C sleeps about 10 hours a night. She naps about 2 hours a day. That leaves 12 hours a day when she is awake, and for about 9-10 of them, it’s been just her and I. I discovered fairly early on that days went better for me if there was always something we had to do each day, usually outside of the house (and that is part of the reason I feel it’s in our best interest for me to go to work). Sometimes it was taking a walk or going on play dates. Other times, it was grocery shopping or running errands. Similarly, when we were at home, there were times we were playing together and there were times I was trying to get something done. There were even times when I’d leave her with Scott, or take her to my parents to get things done without her. Regardless of what we were doing, I was mindful to keep C safe, keep her entertained and, of course, keep her fed. But she didn’t always have 100% of my attention. I mean, how often have I reached for my phone even when playing tea party with her? I’ve never really felt all that guilty as long as she still feels loved at the end of the day. After all, 84 hours is a lot of time in one week to focus on one person, even if she is quite possibly the world’s cutest girl.
Starting next week, C will still likely sleep about 10 hours a night. She’ll still likely nap about 2 hours a day. And she’ll still be awake for the remaining 12 hours a day. But instead of having 84 hours of awake time together in one week, we only have 48 hours. On the one hand, I’m gutted that I’m losing almost half my “C” time. I have no idea how to wrap my brain around being away from her roughly 50 hours a week. I have no idea how to balance the household tasks I’ll still have to do and paying attention to C. I’m hoping that we’ll start doing a better job of cleaning up after ourselves (and having C out of the house 10 hours a day will likely cut down on the mess strewn throughout the place), maximizing productivity when she is asleep, and finding new strategies for things like suppers (cooking twice as much, and freezing the rest. I used to do that all the time in university, I don’t know why I stopped!).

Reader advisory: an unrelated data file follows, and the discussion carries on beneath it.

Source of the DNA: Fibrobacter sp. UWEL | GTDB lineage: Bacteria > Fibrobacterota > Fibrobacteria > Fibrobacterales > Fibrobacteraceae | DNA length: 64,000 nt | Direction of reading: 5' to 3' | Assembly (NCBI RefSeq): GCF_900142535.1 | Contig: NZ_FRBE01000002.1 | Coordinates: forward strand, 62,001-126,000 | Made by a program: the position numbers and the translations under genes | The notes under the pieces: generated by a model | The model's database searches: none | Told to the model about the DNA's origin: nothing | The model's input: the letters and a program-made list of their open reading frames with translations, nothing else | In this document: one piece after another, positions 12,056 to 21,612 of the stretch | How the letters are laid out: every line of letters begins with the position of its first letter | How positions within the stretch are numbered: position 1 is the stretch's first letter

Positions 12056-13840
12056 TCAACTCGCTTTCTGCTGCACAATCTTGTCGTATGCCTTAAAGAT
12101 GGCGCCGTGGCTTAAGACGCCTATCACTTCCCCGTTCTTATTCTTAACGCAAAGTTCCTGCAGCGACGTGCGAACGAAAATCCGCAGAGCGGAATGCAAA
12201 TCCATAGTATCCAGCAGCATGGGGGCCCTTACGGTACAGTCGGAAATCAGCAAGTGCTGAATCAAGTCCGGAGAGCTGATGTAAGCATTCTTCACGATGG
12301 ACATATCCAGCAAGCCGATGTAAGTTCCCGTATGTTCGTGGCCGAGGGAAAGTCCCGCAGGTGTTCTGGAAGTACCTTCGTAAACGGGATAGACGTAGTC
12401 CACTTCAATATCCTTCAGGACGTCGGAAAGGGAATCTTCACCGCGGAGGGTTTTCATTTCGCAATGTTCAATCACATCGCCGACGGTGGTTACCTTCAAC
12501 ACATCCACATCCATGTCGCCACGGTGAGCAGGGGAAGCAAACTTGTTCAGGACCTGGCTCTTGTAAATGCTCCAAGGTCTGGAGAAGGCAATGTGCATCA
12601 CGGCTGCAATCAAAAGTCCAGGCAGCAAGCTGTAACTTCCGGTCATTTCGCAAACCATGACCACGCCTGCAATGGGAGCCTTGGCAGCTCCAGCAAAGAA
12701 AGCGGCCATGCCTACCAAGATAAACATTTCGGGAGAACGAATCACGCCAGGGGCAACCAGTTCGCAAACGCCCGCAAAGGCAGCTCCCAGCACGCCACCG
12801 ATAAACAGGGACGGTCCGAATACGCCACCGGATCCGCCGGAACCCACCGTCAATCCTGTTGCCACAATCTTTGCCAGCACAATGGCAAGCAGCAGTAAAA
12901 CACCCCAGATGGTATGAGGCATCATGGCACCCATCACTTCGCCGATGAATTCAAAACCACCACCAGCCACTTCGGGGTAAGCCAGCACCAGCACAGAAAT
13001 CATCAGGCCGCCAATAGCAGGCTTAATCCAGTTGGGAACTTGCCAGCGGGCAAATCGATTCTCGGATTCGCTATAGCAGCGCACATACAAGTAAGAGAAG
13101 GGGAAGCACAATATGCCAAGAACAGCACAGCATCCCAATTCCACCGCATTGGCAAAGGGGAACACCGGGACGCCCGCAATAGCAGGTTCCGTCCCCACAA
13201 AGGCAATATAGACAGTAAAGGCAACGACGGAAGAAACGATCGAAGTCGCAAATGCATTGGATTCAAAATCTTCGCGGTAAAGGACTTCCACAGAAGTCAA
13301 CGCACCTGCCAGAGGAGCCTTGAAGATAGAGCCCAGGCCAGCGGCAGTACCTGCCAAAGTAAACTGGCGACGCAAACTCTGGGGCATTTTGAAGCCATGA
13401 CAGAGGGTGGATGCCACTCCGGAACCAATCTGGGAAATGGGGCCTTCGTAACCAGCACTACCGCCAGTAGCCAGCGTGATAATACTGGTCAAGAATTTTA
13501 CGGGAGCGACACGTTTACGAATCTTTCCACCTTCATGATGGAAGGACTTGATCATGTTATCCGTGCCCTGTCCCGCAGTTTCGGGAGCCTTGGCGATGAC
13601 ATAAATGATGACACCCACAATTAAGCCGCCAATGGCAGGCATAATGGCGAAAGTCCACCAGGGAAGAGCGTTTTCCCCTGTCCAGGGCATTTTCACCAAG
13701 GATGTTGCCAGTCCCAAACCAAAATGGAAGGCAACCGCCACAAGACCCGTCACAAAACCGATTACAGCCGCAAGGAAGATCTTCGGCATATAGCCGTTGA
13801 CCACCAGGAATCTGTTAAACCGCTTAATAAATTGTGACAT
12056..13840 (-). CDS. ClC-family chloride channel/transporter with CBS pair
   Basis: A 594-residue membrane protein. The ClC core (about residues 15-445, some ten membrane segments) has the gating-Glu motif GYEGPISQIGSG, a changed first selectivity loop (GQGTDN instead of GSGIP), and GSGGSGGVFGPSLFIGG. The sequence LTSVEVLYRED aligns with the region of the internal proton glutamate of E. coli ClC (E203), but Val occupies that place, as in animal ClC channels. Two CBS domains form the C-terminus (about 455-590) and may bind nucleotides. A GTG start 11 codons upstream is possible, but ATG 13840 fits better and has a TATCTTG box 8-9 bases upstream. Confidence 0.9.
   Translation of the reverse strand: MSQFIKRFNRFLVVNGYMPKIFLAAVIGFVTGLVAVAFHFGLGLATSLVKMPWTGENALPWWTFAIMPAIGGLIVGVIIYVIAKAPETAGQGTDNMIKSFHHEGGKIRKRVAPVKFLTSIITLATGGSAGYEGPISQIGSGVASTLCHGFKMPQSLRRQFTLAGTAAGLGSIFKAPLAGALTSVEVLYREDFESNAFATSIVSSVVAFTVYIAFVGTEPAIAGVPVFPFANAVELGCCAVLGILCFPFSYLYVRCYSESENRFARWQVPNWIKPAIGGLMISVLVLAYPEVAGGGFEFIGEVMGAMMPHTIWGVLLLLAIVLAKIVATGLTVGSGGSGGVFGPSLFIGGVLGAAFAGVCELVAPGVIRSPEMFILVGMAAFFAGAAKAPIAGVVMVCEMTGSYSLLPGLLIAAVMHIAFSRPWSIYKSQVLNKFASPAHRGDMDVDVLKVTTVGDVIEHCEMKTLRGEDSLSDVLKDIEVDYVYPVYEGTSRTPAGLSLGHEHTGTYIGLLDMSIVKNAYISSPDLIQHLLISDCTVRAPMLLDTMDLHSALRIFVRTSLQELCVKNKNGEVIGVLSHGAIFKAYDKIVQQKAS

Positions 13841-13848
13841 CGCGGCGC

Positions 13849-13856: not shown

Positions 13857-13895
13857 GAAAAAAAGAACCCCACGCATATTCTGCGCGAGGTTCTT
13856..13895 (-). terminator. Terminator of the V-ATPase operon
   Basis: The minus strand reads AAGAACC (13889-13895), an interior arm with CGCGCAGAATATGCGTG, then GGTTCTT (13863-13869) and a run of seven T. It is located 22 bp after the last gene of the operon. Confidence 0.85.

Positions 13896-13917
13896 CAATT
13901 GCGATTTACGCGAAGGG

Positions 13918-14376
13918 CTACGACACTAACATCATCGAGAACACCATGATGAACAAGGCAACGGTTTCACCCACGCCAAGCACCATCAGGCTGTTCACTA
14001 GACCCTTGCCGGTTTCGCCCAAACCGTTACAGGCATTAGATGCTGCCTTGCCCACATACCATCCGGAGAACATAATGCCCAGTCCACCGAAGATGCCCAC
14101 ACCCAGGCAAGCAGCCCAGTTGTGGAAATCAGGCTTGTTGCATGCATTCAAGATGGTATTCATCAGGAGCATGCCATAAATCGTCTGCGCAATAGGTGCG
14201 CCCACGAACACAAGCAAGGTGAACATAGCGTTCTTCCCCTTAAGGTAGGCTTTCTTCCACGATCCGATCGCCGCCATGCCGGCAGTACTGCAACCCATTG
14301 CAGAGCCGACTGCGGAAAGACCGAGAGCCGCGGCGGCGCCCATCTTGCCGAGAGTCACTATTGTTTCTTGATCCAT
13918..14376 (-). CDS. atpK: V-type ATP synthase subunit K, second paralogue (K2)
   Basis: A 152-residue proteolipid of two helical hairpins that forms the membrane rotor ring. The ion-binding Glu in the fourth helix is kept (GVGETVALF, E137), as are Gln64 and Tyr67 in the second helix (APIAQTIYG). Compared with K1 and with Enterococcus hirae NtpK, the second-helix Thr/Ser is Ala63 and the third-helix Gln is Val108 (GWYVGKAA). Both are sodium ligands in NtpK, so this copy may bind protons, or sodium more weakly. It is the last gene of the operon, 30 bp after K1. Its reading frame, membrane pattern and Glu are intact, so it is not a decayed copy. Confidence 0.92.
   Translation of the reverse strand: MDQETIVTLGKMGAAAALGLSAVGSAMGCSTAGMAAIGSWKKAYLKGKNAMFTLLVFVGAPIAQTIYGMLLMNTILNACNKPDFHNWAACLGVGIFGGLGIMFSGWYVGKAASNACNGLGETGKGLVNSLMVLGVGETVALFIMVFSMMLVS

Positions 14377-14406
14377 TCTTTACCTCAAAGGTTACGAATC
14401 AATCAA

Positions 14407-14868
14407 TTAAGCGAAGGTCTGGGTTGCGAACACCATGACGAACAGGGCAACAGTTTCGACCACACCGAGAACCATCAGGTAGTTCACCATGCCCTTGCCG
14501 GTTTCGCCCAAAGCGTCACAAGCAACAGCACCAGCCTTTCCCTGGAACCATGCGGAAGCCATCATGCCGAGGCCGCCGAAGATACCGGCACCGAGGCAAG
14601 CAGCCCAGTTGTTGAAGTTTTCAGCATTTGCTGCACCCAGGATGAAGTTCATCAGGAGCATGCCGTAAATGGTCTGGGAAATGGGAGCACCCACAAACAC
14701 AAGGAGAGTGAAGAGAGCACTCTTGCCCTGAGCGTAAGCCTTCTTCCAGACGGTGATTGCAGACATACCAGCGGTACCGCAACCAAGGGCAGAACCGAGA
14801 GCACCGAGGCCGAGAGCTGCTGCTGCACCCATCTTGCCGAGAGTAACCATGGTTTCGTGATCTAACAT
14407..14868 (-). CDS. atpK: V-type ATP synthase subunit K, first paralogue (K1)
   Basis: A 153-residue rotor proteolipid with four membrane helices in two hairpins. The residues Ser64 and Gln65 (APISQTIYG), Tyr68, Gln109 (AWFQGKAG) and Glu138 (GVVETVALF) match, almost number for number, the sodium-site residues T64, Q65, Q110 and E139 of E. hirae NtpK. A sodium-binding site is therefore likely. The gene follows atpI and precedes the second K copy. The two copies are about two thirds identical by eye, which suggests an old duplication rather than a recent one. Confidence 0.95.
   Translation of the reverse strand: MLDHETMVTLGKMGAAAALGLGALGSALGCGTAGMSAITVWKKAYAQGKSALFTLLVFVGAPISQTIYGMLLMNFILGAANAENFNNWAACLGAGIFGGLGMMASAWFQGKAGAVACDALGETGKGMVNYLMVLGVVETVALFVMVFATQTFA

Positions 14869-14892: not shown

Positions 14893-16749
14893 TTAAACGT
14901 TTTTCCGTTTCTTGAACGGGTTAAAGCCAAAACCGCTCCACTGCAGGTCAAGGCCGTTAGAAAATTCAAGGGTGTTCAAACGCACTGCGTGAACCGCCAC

Those 48 hours are going to go by quickly each week, but I’m going to make damn sure that I capitalize on them as much as possible, whether it means turning off the cell phone, letting the dust build up or listening to the song of that stupid teapot she loves one more time. And hopefully at the end of the week, 48 hours of quality time will be just as good, if not better, than the 84 hours we’ve enjoyed these last 12 months.